Orson Scott Card (the one writer I may be accused of having a minor obsession with--although I think I'm developing one with Aleksander Solzhenitsyn) writes a weekly column for Mormon Times (mormontimes.com, part of Deseret News), and its usually pretty good. The last few weeks, he's been writing columns about different aspects of marriage and/or choosing a spouse. This is one of his suggestions about dealing with disagreements in marriage, and I absolutely loved it, because it applies so well to every relationship that matters in our lives, not just to marriage. Everywhere he has written "spouse", you could substitute in "mother", "brother", "good friend", "uncle" or "daughter" and it would apply just as well.
Being able to have healthy disagreements and crucial conversations is so vital to any good relationship. I have at times responded poorly by giving in to my emotions, and I have been yelled or snapped at on several different occasions by several different people for not responding when I have held my tongue and tried to smooth things or at least not make them worse. In the long run, I've found that the control is always the better option, even if it can sometimes frustrate others or myself momentarily.
"4. If the other person shows emotion, you cannot.
The more emotional your spouse is, the calmer you need to be, especially if your spouse's emotions are negative — and directed at you.
Anger answered with anger only increases, until terrible things are said and both spouses start to wonder how they ever ended up married to an enemy.
But anger answered with calmness — infuriating as it might sometimes be, for a moment — is like a wave crashing against stone. Be the stone. Bear all that is said, and say inside your heart — or with your lips — "I love you so much that I can hear this without forgetting how important you are to me."
Your primary objective, when anger is present, is to say nothing that will continue to hurt the other person after this particular argument is over.
Section 121, verses 41-44, offers a complete guide to decision-making in a marriage: Lead by persuasion. Be patient by allowing your spouse to disagree with you for a long time without having to force a resolution. Find the gentlest way to say hard things. Be meek enough to hear hard things without anger or resistance, and then consider them carefully.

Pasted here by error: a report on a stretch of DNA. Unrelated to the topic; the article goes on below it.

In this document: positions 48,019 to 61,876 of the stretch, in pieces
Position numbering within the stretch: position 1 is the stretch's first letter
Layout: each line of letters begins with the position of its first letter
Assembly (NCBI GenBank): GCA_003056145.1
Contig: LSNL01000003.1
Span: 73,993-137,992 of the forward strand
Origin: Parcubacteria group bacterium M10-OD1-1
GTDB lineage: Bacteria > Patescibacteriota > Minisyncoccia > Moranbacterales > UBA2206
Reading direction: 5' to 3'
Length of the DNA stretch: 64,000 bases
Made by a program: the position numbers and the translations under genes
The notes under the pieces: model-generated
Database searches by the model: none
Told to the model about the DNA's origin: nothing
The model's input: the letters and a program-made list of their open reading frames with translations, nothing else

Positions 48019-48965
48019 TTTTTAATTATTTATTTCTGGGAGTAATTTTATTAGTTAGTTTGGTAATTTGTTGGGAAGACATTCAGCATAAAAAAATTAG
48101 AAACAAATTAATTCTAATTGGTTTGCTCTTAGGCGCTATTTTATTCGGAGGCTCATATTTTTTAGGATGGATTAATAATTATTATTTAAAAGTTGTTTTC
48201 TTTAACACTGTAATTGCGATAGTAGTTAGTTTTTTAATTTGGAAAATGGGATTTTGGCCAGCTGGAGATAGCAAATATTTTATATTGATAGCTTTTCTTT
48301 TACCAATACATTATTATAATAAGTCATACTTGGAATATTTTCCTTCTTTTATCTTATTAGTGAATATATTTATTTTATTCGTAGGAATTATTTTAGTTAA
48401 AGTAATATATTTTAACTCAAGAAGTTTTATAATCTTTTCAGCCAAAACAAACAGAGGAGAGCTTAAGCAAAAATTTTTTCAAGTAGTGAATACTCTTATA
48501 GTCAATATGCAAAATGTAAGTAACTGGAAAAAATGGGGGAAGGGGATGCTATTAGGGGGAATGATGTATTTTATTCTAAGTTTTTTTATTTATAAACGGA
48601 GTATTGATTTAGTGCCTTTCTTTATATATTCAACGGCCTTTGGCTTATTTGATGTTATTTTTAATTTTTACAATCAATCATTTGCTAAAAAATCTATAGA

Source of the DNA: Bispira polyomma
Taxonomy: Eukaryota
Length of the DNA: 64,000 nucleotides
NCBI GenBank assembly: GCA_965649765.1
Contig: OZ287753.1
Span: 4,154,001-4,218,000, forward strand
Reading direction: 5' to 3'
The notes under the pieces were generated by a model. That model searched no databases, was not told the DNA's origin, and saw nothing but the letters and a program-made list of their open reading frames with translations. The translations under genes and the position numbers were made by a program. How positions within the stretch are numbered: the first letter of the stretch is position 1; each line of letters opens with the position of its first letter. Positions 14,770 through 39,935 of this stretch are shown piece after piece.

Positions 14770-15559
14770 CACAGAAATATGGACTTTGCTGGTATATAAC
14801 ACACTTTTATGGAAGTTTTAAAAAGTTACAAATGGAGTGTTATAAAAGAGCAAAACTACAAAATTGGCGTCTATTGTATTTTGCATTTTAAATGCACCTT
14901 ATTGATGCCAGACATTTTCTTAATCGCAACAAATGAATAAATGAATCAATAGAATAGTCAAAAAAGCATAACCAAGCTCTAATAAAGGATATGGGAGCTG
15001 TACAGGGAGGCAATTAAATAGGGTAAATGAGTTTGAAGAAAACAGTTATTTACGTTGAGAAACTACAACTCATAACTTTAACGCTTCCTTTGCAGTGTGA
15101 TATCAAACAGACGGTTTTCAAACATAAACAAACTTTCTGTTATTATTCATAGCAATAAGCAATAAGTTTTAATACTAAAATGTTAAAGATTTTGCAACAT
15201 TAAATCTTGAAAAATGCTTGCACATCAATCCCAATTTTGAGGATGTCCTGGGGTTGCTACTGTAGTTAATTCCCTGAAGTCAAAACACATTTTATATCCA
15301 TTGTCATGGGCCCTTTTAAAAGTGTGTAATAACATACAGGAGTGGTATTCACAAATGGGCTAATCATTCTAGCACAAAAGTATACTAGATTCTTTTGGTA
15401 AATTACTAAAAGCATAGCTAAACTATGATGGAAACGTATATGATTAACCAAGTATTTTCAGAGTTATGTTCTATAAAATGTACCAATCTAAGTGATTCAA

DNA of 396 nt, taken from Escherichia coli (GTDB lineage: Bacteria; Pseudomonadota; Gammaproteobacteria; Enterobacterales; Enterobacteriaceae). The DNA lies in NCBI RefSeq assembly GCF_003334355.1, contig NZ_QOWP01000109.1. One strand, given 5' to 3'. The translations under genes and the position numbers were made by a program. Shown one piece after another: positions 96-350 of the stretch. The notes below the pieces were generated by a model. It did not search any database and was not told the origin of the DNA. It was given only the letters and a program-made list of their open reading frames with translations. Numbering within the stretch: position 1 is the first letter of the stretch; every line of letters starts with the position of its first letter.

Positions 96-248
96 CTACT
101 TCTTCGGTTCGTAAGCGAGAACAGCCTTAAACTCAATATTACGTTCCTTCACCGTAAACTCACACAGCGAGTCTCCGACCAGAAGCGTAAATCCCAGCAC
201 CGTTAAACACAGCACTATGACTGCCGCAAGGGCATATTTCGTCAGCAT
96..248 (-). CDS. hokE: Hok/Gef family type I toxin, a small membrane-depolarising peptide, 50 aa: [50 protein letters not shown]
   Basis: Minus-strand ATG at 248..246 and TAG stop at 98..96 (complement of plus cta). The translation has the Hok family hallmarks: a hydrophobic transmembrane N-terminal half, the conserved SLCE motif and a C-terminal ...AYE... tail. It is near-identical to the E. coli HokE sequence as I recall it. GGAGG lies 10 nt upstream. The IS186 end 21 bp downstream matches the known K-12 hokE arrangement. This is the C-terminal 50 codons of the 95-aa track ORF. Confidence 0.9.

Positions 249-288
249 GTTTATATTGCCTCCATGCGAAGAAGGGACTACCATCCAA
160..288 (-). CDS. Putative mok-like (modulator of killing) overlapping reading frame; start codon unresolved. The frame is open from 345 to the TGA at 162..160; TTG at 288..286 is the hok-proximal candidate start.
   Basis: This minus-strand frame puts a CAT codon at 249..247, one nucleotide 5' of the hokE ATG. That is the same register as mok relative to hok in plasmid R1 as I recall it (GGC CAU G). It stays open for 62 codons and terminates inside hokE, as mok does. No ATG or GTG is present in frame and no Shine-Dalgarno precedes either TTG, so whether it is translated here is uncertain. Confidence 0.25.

Do not pretend to love, really love, which means putting your spouse's happiness ahead of getting your own way — way ahead.
Be kind: look for ways you can serve your spouse's needs and desires.
Don't offer arguments just because they come into your mind — take the time to make sure you're actually right before declaring the other person wrong. When you advance a line of thought, make sure it consists of "pure knowledge" rather than your visceral opinions.
Never be hypocritical by pretending to be dispassionate or rational when in fact you're just trying to get your way. Nor is there room in a marital disagreement for tricks, traps, half-truths, or deliberate misreadings of your beloved's statements, just so you can "win."
Sometimes in a marriage you do have to say things the other person doesn't want to hear. But the "sharpness" mentioned by the Lord in his words to Joseph Smith refers to clarity, not anger. "I think you have made a mistake in this precise way," you may need to say.
But you do this when the Spirit of God suggests it to you — which means never in anger or vengeance or to counter a sharp, clear reproof that has been offered to you. "Oh, you think I was wrong to do this? Well what about when you did that!" That's how children and politicians argue. There's no room for that in marriage.
And the moment you have offered that clear reproof, you show greater tenderness, affection, caring, kindness, gentleness, and service than ever, so your spouse can see visible evidence that it was love, not anger or contempt, that offered that reproof.
Good marriages have disagreements, and they don't have to be hidden away or denied. You don't have to be a doormat by giving in on issues that matter to you — as long as you don't try to compel your spouse to give in, either.
Before you speak a word of disagreement with your spouse, especially if you feel angry, you should reach out your hand and say, with your lips and in your heart, "Your happiness and our marriage are both more important to me than anything we ever disagree about."